Title:  Former Shiyama Family Residence/Storefront

Period: Early Meiji

Date: 1886

Culture: Japan

Materials: Wood, tile, and other materials

Location: Kyodo no Mori Open Air Museum, Tokyo, Japan

Photo(s) By: 掬茶

Description: The Former Shiyama Family residence is a type of storehouse known as Misegura where the Shiyama family lived and sold medicine. It was built during the Meiji period, but the architectural style is much more reminiscent of the late Edo period. Misegura blend the concepts of work and home by having a store in the front and a living space in the back, two concepts that are usually completely separate in the West. We will see this theme appear more and more frequently as we look at the homes of the Shogun and the Emperor. Misegura are typically found in urban areas, are two/three stories tall, designed to be fire-resistant in order to protect a merchant’s products, and are much more expensive and difficult to build than Minka. These are reflected in the design of the Shiyama Residence, with intricate designs on the top of the roof and small windows/doors with shutters to prevent fire from spreading.

Title:  Edo Castle

Period: Mid-Edo

Date: 1457

Culture: Japan

Materials: Stone, wood, tile, earth plaster, and other materials

Location: Tokyo, Japan

Photo(s) By: Daderot (Both)

Description: The Edo Castle was built during the mid-Edo period for the Shogun, Tokugawa Ieyasu, as a place for him to live and display his wealth, status, and military prowess. The moat around the castle and the stone walls are designed to keep invaders out, and the towers on the periphery of the complex serve as both a defensive measure and a status symbol. The center of the castle, or honmaru, most notably contained the main keep (the tallest tower in the castle) and the residence of the Shogun. This was both elevated above and walled off from the rest of the castle, signaling that for the Shogun, the home was a place where he was protected and praised, but he had to constantly be wary of invaders and was unable to relax in a way that we would typically associate with home. This part of the castle did burn down during one of several fires that ravaged the castle, but fortunately, its original image can still be seen today in the form of scale models.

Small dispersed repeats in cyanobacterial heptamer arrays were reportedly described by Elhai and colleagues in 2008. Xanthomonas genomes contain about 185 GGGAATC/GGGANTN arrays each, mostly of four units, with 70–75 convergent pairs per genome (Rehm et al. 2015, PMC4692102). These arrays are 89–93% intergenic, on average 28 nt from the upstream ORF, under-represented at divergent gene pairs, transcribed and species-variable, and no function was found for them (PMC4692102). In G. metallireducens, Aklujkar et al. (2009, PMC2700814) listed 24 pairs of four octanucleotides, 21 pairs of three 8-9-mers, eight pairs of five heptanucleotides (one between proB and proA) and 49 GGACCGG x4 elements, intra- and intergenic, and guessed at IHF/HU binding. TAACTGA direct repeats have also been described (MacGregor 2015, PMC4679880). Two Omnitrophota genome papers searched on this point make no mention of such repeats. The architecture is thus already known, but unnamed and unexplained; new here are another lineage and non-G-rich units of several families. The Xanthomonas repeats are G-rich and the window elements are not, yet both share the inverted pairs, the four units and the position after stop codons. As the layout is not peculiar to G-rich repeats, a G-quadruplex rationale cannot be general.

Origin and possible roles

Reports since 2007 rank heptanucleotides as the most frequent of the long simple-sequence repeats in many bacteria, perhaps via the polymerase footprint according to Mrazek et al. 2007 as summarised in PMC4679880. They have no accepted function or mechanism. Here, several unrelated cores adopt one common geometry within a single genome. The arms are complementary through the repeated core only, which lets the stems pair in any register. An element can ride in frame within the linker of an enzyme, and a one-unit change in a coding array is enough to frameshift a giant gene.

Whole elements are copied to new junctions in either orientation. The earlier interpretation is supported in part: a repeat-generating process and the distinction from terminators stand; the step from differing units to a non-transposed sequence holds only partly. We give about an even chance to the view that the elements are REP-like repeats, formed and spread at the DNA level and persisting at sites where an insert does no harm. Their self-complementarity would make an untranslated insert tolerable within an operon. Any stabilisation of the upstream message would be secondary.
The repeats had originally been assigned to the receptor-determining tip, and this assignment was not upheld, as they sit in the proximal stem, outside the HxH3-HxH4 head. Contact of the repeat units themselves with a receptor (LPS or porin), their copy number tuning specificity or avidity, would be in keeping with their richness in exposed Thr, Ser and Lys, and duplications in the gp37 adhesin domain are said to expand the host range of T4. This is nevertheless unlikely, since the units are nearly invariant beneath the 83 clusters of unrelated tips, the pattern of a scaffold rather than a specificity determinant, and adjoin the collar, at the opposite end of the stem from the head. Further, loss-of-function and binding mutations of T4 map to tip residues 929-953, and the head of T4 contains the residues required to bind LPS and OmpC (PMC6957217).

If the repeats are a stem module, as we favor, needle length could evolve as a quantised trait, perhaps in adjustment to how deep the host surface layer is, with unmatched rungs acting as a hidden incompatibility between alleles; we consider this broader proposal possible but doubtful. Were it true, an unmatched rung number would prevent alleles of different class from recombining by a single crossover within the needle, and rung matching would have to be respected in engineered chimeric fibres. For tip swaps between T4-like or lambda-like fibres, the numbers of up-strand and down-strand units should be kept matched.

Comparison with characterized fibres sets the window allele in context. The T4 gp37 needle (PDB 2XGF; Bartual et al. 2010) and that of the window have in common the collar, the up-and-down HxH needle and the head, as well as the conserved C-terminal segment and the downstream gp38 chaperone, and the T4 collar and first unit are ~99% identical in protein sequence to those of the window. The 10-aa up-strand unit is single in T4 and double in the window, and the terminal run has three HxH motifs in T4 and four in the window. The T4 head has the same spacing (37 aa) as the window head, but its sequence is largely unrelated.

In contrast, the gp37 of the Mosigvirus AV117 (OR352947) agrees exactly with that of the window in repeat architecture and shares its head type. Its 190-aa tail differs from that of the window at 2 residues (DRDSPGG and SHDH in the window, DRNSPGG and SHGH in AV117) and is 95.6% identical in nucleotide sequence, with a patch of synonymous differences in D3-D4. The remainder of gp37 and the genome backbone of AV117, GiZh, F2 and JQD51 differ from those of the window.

Title:  Kyoto Imperial Palace

Period: Nara and Heian

Date: 12th century

Culture: Japan

Materials: Wood, tile, gold, earth plaster, and other materials

Location: Kyoto, Japan

Photo(s) By: Zairon (Right) and Ryuch (Left)

Description: The Kyoto Imperial Palace served as a living space and diplomatic hub for the Emperor and his family during the early Edo period. The Palace is walled off from the public, with only a few gates to enter through, but there are no towers to act as lookout posts as we saw in the Edo Castle, indicating that for the Emperor, military defensibility was less important than a general separation and distinction from the common people. Instead, the Imperial Palace displays wealth with intricate detailing, like gold leaf on the roof of Otsune hall (the Emperor’s main living space) and elaborate gardens and landscaping. This shows that the emperor’s power at the time was more diplomatic soft-power than the militaristic hard-power of the Shogun. The lush gardens and serene lakes serve to make the Emperor and visiting diplomats feel at ease, but it can also be read as signaling the Emperor’s divinity, since nature in Japan has almost spiritual connotations.




  • “Edo Castle.”, last modified Aug. 31,
  • “Former Shimada Family Residence.” Fuchu City Local Forest Museum., last modified March 31,
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Author: Campbell Coughlin